Troy Fox, Board Administrator

Austin Board Office

Mr. Fox provides some interesting stats, but he's arguing against a straw man. Of course the release guidelines countenance lower release rates for violent offenders than nonviolent ones, so the low release rate for level 1 offenders, for example, proves nothing.

The criticism is that the parole board is MORE likely to follow its guidelines for those offenders than for lower level nonviolent ones. Their release rates for the higher level offenders tend to fall within the guidelines. For level 6 and 7 offenders, they don't. And now we're to the point where those low-level offenders are taking up spaces needed for more violent ones. THAT's the complaint - Mr. Fox is serving up a plate of statistical red herring.

Also, if 32% of people entering prison last year were there for "violent type offenses," doesn't that mean that 68% were for NON-violent offenses? If most people entering prison are nonviolent offenders and the lowest level offenders aren't being paroled according to the guidelines, then THAT's precisely why "the prison system's total population rose steadily each year from 2001 to 2006." Don't you get it, Mr. Fox? That was the Sunset Commission's point! The Parole Board is CAUSING Texas' overincarceration problem.

What a disingenuous response! No wonder Rissie Owens doesn't want to speak on camera.

UPDATE: From the "Just the facts, ma'am," department, see page 17 of this presentation from Tony Fabelo for a statistical adumbration of how the parole board is more likely to follow its release guidelines for high-risk than for low-risk offenders. Sorry Mr. Fox, that dog won't hunt.

6 comments:

Anonymous said...

Ohhhh! Run, Rissie, Run!! Dodge those bullets, hide behind a PR man, and avoid the tough questions for as long as you can. Eventually, Rissie, someone is going to answer for the absurd way the parole board has behaved and since the buck stops at the top...I think you might win the prize.

Anonymous said...

It seems Mr. Fox should also be looking for a job!! They need to follow their own guidelines --period. It is clear they're trying to separate the BPP from TDCJ's influence by blaming everything on TDCJ. Why don't they just say so. They need to clean up their own house and fast. Their actions are an embarrasment to Texas

sunray's wench said...

So Rissie will answer prepared questions if they are sent to her? OK, so what do we really want to ask, guys? How about starting with:

1) How many parole applicants have you actually met?
2) How long do you spend on each parole application?
3) how many parole applicants are denied, even when they have satisfied conditions set at previous parole hearings?
4) What makes you think that an inmate coming up for parole after 20 years in prison is the same risk level as when they committed to original crime? Are you the same person you were 20 years ago?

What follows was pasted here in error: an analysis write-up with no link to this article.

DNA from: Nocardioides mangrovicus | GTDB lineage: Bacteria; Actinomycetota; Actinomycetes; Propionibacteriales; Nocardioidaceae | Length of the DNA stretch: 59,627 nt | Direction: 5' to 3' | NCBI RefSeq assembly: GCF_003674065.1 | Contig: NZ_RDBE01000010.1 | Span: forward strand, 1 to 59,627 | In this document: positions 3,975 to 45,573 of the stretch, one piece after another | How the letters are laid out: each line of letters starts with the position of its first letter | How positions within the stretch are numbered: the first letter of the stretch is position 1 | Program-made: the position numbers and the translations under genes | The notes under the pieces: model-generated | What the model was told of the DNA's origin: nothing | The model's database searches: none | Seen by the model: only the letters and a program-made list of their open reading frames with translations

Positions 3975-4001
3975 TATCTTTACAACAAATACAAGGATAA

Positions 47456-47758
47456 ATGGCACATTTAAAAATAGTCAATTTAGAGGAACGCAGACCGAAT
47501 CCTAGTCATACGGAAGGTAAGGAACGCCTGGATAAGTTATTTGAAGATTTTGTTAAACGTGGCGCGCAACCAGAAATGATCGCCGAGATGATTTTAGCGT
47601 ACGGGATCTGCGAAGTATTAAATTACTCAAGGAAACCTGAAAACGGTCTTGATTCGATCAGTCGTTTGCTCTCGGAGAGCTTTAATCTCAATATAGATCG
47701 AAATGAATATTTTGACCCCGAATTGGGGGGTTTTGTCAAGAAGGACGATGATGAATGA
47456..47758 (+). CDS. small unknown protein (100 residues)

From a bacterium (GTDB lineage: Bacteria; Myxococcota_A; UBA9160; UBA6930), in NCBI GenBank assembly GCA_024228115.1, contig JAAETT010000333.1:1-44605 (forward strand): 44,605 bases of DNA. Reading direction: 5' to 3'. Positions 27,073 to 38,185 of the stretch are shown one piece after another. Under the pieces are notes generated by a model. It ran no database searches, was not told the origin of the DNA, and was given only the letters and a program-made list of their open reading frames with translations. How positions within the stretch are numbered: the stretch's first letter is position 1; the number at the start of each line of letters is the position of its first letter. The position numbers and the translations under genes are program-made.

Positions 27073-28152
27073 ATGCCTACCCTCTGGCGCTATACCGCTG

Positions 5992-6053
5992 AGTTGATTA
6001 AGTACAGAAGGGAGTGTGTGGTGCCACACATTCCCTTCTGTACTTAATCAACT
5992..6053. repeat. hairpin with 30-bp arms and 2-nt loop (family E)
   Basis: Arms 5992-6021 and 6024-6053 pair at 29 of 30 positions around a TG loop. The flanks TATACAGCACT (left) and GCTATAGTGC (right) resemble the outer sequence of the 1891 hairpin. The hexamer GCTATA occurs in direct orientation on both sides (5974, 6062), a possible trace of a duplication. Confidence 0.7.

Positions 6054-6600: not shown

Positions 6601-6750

5) Do 'parole packets' submitted by inmate's families and supporters have any effect on the Board's decision?
6) Why do you do your particular job? What do you think qualifies you to do it?

Anonymous said...

You might want to add to that list of questions:

7) How many paroles are granted to inmates with lawyers compared to inmates without laawyers, detailed by risk level and offense severity?

The poor are punishid more severely than thoese that can pay a lawyer. This is a problem that could use a little sunlight! Prosecutors trump up more serious crimes so they can succeed in obtaining plea bargains for 90% of their cases. The poor have no chance against a system like this and public defenders are no help, they're just going along with this broken system.

The BPP using plea bargains as an excuse for not following their own guidelines is rediculous.

Austin Defense Lawyer said...

More disingenuity: No one is incarcerated in TDCJ for first offense DWI, or even 2nd offense.

The questions about time spent per case and success rates of represented inmates are related. Represented inmates are generally paying for a professional pitch, submitted on paper. Defense lawyers have no access to the board members, and can only create and submit a document, hoping it is read by a member. If it is read, this definitely increases the amount of time spent on the case by the board member. Without representation, only institutional documents are available for review, and anyone whose work involves reviewing institutional documents knows that looking at a few markers within the document tells you all you need to know.

That's why when preparing these documents as a lawyer, I include as many photos of the inmate and family as possible, as many certificates of achievement as possible, and as little writing as possible to get the points across.

The BOPP operates in 14 districts across the state, each with three board members, or "voters." Only the "first voter" reviews any particular case, then makes a recommendation, which is then ratified by the other two voters routinely if not automatically. Case review is therefore deficient by at least 2/3, and that's conceding that the first voter does a competent review.

When will we see the wisdom of caning?

Anonymous said...

What is the status on the lawsuit against the Parole Board being handled by Attorney Sirak. Is it styled against Rissie Owens, and why is she and her spouse both employed in the TDCJ area. Is it not a conflict of interest: